compensatory damages or otherwise.” Salt Lake Tribune Publ’g Co., LLC v. AT & T Corp., 320
F.3d 1081, 1105 (10th Cir. 2003). The movant, however, must show a “significant risk” of
irreparable harm. Greater Yellowstone Coal. v. Flowers, 321 F.3d 1250, 1258 (10th Cir. 2003).
Plaintiff argues “[c]ourts have required prisons to house the mentally ill in more
appropriate facilities,” as support for his contention that he faces irreparable harm. (ECF No. 5,
page 3.) Plaintiff’s argument appears to be addressed to where he is housed, rather than to what
treatment he seeks to receive. In light of the termination of any transfer to ADX Florence based
on Plaintiff’s current mental condition, irreparable harm has not been shown.
To the extent Plaintiff contends he is suffering irreparable harm because he was (at the
time he filed his Motion and prior thereto) receiving no treatment, Defendants have stated
otherwise. The Court need not, however, resolve this dispute as the issue at hand is whether the
mental treatment requested should be ordered. Defendants have filed sworn statements that
Plaintiff is receiving and will continue to receive appropriate treatment, including access to
educational and other programs. To the extent Plaintiff contends he is suffering irreparable harm
because he was not – and is not – receiving a particular type of treatment, Plaintiff has provided
no factual allegations or support that this particular treatment was prescribed or recommended, or
is otherwise needed, for his mental health condition. And, Defendants have shown to the
contrary – that the treatment Plaintiff is being provided is appropriate in light of his mental
health condition. As such, no irreparable harm has been shown.
As irreparable harm has not been shown, it follows that the second factor – balance of
harms – also weighs against preliminary injunctive relief.
The Public Interest
Plaintiff summarily argues it is in the public interest for prison officials to obey the law.
In light of the lack of any harm, however, Plaintiff fails to show the public interest would not be
adverse to the issuance of a preliminary injunction ordering prison officials to enroll him in a
particular treatment program. Instead, “there is a strong public interest in affording substantial
deference to prison officials in managing the daily operations of a prison due to the unique
nature, needs and concerns of the prison environment.” Pinson v. Pacheco, 424 F. App’x 749,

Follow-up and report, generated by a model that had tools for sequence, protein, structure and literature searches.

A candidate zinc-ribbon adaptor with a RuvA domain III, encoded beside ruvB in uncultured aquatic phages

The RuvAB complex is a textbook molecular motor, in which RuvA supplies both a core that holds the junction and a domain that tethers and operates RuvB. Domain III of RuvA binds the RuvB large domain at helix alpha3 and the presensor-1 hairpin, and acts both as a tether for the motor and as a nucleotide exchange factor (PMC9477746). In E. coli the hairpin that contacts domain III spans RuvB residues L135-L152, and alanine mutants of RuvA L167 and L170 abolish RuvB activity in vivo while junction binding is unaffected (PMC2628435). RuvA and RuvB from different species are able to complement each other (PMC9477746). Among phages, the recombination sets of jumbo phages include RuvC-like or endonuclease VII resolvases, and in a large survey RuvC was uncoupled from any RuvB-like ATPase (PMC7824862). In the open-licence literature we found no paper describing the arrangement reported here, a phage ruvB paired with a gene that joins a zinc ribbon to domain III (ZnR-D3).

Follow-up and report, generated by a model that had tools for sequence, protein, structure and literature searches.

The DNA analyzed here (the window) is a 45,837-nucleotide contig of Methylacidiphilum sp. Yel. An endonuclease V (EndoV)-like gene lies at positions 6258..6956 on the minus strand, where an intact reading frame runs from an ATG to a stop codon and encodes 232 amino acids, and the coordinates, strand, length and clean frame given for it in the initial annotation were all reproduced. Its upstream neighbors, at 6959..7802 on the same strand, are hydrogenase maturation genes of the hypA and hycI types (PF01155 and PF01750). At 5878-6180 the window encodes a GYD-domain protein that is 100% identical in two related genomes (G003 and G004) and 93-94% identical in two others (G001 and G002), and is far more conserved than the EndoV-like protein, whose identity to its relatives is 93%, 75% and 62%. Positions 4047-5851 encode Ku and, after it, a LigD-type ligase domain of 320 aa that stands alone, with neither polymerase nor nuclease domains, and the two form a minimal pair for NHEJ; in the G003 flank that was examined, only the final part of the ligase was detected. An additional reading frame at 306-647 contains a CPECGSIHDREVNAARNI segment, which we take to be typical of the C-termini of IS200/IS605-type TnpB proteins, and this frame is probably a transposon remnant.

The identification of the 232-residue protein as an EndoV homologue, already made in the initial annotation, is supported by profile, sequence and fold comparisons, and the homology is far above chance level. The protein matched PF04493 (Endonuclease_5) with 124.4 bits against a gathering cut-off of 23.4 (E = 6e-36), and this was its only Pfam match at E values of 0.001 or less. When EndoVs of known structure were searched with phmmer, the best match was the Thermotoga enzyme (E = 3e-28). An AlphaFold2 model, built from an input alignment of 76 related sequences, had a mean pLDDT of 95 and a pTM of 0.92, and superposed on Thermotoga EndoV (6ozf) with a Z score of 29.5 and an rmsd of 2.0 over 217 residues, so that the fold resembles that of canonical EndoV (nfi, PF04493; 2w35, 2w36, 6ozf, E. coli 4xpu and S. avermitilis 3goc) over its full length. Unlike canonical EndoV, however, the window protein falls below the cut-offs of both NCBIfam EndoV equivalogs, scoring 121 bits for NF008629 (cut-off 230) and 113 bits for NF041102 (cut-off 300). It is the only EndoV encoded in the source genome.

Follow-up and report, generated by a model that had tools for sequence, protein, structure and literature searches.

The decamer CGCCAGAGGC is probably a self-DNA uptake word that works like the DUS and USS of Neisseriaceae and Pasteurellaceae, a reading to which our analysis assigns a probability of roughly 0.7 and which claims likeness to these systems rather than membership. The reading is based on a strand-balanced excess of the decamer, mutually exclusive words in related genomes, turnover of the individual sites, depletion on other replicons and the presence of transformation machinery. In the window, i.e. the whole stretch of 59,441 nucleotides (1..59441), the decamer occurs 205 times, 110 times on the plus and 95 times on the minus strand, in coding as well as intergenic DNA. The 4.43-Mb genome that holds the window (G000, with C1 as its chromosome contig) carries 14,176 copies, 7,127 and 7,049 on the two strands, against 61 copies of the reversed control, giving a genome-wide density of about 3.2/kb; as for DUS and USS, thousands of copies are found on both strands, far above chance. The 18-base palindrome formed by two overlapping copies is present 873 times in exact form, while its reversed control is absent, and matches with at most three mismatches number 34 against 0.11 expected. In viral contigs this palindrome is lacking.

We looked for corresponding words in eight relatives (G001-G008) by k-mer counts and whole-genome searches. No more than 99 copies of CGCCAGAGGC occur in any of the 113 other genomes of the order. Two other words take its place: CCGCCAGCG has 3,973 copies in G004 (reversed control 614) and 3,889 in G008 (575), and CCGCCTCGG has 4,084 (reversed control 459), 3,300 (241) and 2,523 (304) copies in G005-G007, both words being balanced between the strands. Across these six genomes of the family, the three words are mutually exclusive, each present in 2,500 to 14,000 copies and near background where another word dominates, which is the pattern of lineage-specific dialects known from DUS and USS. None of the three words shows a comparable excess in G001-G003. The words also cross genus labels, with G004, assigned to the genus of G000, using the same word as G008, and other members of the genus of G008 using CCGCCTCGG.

756 (10th Cir. 2011); see 18 U.S.C. § 3626(a)(2) (“[T]he court shall give substantial weight to
any adverse impact on public safety or the operation of a criminal justice system caused by”
preliminary injunctive relief.).
3. Likelihood of Success on the Merits
Plaintiff argues he will succeed on the merits of his claim as prisoners should not be
housed in supermax facilities.6 But, as previously addressed, Plaintiff’s request for preliminary
injunctive relief as to the termination of any transfer to ADX Florence is moot. As for his other
request, Plaintiff offers no facts or arguments as to the likelihood of success as to the request for
enrollment in a Psychology Treatment Program. As Defendants argue, Plaintiff is being assessed
and receiving treatment. Moreover, Plaintiff’s request for a specific treatment indicates he
contends that he is entitled to a particular course of treatment, a right not protected by the Eighth
Amendment. Callahan v. Poppell, 471 F.3d 1155, 1160 (10th Cir. 2006) (“Both this court and
our sister circuits have rejected such an expansive view of the rights protected by the Eighth
Plaintiff makes this same argument as to solitary confinement, but his Motion seeks termination of a transfer to
ADX Florence, not a transfer from solitary confinement.
Amendment.”); Williams v. Allred, 611 F. App’x 491, 495 (10th Cir. 2015).7 Accordingly,
Plaintiff fails to establish this factor as well.
Under the facts and circumstances, Plaintiff has not demonstrated the preliminary
injunction requested should be ordered. By this finding, however, Plaintiff is not precluded from
seeking relief in the future should there be a change in facts and circumstances which would
support a request for relief. It is therefore
ORDERED that Plaintiff’s Emergency Motion for Preliminary Injunction (ECF No. 5) is
DENIED without prejudice.
DATED this 6th day of November, 2015.
BY THE COURT:
RAYMOND P. MOORE
United States District Judge
This is not an instance where Plaintiff has alleged or shown that a certain level or type of treatment, i.e., the
Psychology Treatment Program, was prescribed or recommended but was denied.
Disclaimer: Justia Dockets & Filings provides public litigation records from the federal appellate and district courts. These filings and docket sheets should not be considered findings of fact or liability, nor do they necessarily reflect the view of Justia.
Why Is My Information Online?